Thursday, January 3, 2008

Musings On $100/Barrel

Those futures traders are so cute! It’s just like playing Monopoly:
Crude oil futures for February delivery hit $100 on the New York Mercantile Exchange shortly after noon when a single trader bid up the price by buying a modest lot and then sold it immediately at a small loss. Prices eased somewhat in later trading, settling at $99.62.

But while the trader was apparently looking for vanity bragging rights, the spike in crude prices of $3.64 for the day reflected deeper worldwide trends, including the surge in energy demand from China, India and the oil-producing countries themselves.

Aww. Bless his/her heart! I tell ya, that’s one for the grandkids, alright! Or maybe, one for eBay:

Of the trader who sent oil to $100 in New York on Wednesday, Mr. Gheit added, “He’s probably going to frame the ticket and sell it on eBay for $100,000.”

Sure, why not? It’s not like this stuff matters, or anything. It’s not like what happens on the New York Mercantile Exchange has any effect on real people. It’s all fake, right? Free hand of the market, wheee!

Am I the only one thinking these Wall Street folks are as out of touch as the Washington press corps?

Anyway, those annoying Henny Pennies over at Peak Oil have been sending me dire “How to survive $100/Barrel” screeds for months. Now that it’s actually here, I thought I’d see what they have to say:

$100 oil in itself is no big deal - its 1% higher than $99 oil. But it serves as a milestone reminder that the future is likely to be less 'easy', and perhaps dictated by new rules. Questions abound: will high prices bring about more production? Will high prices begin a "hoarding" phenomenon among exporters and producers? Will $100+ oil spur energy alternatives with the scale and quality of energy dense crude oil? Is this even possible? Will society start to realize the dichotomy between natural capital and financial capital? Will $100 oil reduce demand in developing countries? Will OECD oil-importing countries (like the US) take the lead on changing the cultural carrot of consumption that drives energy use?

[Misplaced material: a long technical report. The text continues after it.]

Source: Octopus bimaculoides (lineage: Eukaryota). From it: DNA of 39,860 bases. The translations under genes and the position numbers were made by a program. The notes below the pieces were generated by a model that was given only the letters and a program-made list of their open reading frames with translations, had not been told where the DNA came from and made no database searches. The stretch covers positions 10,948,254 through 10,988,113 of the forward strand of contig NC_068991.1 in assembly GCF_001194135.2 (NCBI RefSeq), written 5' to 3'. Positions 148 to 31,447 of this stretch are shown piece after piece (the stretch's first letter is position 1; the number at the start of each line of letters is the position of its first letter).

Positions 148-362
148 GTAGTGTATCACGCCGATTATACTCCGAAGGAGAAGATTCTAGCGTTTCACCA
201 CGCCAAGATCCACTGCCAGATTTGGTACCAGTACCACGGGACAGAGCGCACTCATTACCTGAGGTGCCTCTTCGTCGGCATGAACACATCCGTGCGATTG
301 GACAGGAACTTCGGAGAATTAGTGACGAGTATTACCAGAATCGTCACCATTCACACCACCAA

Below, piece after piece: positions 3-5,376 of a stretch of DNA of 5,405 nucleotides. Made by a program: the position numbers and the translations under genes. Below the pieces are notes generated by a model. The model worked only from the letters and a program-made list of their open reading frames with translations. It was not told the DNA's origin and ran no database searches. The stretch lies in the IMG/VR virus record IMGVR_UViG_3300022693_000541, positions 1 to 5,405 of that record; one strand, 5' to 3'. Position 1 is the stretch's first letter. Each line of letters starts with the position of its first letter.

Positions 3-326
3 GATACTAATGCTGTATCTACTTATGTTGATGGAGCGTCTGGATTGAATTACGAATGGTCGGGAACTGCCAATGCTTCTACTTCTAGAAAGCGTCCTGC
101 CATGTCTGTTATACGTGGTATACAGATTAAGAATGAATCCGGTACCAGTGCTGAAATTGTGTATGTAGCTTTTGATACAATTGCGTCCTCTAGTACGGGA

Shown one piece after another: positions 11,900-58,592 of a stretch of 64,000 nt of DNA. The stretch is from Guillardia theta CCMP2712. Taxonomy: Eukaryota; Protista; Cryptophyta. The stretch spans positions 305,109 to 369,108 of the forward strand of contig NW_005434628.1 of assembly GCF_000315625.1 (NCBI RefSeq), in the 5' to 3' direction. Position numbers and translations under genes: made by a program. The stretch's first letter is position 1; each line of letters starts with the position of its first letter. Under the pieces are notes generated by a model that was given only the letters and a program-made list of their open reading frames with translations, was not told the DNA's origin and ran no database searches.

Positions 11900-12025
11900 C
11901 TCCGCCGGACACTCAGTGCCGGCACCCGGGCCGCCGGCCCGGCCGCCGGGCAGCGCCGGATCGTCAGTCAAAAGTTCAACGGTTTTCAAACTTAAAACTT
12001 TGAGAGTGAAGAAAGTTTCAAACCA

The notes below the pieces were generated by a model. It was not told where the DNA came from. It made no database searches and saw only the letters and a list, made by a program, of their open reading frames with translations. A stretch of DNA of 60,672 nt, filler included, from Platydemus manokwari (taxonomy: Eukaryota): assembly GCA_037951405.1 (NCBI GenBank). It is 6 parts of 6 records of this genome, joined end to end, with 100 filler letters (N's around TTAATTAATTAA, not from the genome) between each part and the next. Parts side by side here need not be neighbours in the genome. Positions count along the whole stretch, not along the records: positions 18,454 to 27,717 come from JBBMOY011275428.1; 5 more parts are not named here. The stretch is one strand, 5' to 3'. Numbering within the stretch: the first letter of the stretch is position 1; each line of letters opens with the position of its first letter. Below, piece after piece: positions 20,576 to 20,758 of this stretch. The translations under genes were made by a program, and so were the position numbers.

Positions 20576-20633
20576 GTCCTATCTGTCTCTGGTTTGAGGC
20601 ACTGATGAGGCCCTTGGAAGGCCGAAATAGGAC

That last question is the biggie. That “cultural carrot of consumption” keeps our economy afloat. Everything is predicated on getting people to buy an increasing amount of stuff, and the juice driving this engine is oil. As people pay more for oil, they’ll buy less stuff.

If we had half a brain we’d be preparing for this bumpy road, maybe figuring out how to use less oil and investing some serious time and money into non-carbon fuels, the ballyhooed “Apollo project for energy.” That would be nice but it won’t happen. Because our government is run by the oil companies, and they have no interest in transitioning the economy away from a centralized resource they control from oil field to gas pump to an energy source that everyone has access to, like wind, solar or even biofuels.

Because we’re about to get our asses kicked in a hellacious recession, which means oil prices will stabilize, temporarily, as we go into panic mode. By then we'll be thinking $80/barrel is a steal, in the same way that I filled up on $2.86/gallon this morning and fleetingly thought it was a bargain.

And then things get worse:

There is absolutely no reason why oil will stay at $100 a barrel or anything close.

To emphasize how well the world’s economy is doing at the minute, the Journal points out that the IEA in Paris sees world oil demand in the fourth quarter rising by 2.3 million b/d over last year to nearly 88 million b/d.

What they don’t tell you, however, is that in August 2007 world production (all liquids) was estimated by the IEA to be 84.6 million b/d down by 854,000 b/d from August 2006. In 2006, and so far in 2007, world production has been just about 85 million b/d, some 3 million b/d less than we are forecast to consume in the current quarter.

We could of course take the extra 3 million b/d out of the world’s stockpiles, which would then be dropping by 90 million barrels a month — not really a long-term solution. Will OPEC bail us out with a 500,000 b/d increase in production? Could be, but considering that 140,000 b/d of that increase is supposed to come from Venezuela, where production has been stagnant for years, I wouldn’t count on it.

So there you have it. From the perspective of imminent peak oil, $100 oil is not something to weather for a while. It is merely a milestone on the way to still higher prices. The Journal’s bold conclusion that we can handle $100 “quite well” may be perfectly true, until you ask “then what?” and the only possible answer is higher and higher prices.

Somewhere the bubble will burst, for at the close of every day, the world’s oil reserves are 85 million barrels smaller and smaller and smaller ....

And somewhere a NYMEX trader has a souvenir of the day the big unraveling began.